The court's first concern is the proper characterization of Park Ridge's motion. Because materials outside the pleading were submitted in the briefing process, the court should consider whether to treat Park Ridge's Motion to Dismiss as a motion for summary judgment pursuant to Federal Rule of Civil Procedure 12(b)(6):
If, on a motion asserting the defense numbered (6) to dismiss for failure of the pleading to state a claim upon which relief can be granted, matters outside the pleading are presented to and not excluded by the court, the motions shall be treated as one for summary judgment and disposed of as provided in Rule 56 . . . .
Fed. R. Civ. Pro. 12(b)(6). When considering materials outside the pleadings, it is in the court's discretion to characterize a motion as one for summary judgment. See St. Paul Ins. of Bellaire v. Afia Worldwide Ins., 937 F.2d 274, 277 (5th Cir. 1991) ("When material outside the pleadings is considered, however, the court will generally exercise its discretion to treat the motion as one for summary judgment."). For purposes of this motion, the court excludes from consideration those materials that are outside the four corners of the complaint, and treats Park Ridge's motion as a motion to dismiss.
The court's second concern is also procedural. The issue is whether Park Ridge's main assertion--that EEOC violated the statute of limitations pursuant to 29 U.S.C. § 626(e)--may be presented in a motion to dismiss. The Federal Rules of Civil Procedure provide that a statute of limitations defense is an affirmative defense which should be set forth "in pleading to a preceding pleading." Fed. R. Civ. Pro. 8(c). However, "the running of the statute of limitations, which is an affirmative defense, will be an appropriate ground for dismissal if it 'clearly appears on the face the complaint.'" Rylewicz v. Beaton Services, Ltd., 698 F. Supp. 1391 (N.D. Ill. 1988) (citations omitted); see Vaughan v. Grijalva, 927 F.2d 476, 479 (9th Cir. 1991); Jablon v. Dean Witter & Co., 614 F.2d 677, 682 (9th Cir. 1980); King v. Federal Deposit Ins. Corp., 785 F. Supp. 58, 59 (D. Vt. 1992) (citing 2A Moore and Lucas, Moore's Federal Practice P 12.10 (2d ed. 1991)). In order to grant a motion to dismiss on limitations grounds, the complaint must facially show noncompliance with the limitations period. Morgan v. Kobrin Securities, Inc., 649 F. Supp. 1023 (N.D. Ill. 1986). Because the face of the complaint in this matter does evince a limitations issue, Park Ridge's defense is appropriately raised in its motion to dismiss.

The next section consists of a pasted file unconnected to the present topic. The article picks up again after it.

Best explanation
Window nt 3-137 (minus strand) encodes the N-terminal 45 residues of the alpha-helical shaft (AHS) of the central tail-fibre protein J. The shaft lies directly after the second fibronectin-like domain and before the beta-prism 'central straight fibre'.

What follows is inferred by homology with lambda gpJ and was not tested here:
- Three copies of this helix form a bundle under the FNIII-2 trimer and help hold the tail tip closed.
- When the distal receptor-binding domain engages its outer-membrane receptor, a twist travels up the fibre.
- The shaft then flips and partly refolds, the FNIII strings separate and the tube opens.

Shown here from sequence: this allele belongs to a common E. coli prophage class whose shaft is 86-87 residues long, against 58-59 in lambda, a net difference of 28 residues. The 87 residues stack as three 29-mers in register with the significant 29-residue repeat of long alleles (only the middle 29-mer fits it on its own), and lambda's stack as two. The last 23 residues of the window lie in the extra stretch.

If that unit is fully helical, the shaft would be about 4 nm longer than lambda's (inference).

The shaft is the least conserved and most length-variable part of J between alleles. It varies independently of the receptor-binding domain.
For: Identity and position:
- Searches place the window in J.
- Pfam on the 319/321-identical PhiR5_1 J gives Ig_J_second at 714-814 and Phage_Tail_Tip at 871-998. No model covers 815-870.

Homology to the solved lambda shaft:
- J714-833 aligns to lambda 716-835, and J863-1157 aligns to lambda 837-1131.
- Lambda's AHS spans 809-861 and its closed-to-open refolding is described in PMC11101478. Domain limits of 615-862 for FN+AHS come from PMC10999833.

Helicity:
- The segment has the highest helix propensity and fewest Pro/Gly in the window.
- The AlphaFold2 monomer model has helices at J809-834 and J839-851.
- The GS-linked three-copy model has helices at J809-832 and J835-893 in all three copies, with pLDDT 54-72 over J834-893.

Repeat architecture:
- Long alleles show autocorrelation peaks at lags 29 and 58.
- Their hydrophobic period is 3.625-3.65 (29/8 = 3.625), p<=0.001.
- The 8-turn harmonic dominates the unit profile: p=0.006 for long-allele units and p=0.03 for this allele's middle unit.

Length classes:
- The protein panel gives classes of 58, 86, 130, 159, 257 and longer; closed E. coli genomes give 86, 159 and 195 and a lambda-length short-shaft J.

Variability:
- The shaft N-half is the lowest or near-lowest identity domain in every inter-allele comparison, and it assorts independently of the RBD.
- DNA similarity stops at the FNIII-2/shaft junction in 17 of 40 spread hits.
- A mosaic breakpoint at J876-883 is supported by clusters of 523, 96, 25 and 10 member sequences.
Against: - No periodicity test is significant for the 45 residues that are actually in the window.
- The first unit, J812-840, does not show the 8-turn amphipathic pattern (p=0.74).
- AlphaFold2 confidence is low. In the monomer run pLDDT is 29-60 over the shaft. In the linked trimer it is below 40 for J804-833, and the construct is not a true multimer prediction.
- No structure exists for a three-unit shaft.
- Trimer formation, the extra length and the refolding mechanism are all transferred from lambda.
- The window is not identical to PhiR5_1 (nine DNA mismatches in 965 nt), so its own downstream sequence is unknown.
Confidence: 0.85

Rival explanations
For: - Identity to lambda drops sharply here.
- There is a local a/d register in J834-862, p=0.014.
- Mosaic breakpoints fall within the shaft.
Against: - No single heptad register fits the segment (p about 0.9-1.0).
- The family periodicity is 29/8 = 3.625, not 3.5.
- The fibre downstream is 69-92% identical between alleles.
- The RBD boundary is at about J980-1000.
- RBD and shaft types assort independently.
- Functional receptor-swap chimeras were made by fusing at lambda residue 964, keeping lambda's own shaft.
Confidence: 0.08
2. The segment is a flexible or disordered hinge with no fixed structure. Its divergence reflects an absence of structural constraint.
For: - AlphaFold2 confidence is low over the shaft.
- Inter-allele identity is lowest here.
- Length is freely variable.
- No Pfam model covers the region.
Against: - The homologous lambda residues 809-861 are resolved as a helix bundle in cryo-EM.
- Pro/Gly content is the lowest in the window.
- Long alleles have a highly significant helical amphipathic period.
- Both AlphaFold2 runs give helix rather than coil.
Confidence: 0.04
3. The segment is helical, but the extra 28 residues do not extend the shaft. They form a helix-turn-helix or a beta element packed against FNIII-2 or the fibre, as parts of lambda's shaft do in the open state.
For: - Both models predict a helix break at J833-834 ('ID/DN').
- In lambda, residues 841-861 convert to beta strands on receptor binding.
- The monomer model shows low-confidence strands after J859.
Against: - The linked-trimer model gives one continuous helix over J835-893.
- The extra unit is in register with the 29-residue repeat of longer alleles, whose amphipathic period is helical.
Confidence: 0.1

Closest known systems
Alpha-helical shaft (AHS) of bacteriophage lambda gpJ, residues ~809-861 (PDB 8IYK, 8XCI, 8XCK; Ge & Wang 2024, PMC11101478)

Park Ridge argues that 29 U.S.C. § 626(e) (referring to 29 U.S.C. § 255) provides for a two year limitations period which EEOC violated by filing this action in January 1994 although the two incidents complained of occurred in December 1990 and May 1991. In its Response, EEOC argues that it may avoid the limitations bar by establishing that Park Ridge acted willfully, which would extend the limitation period to three ...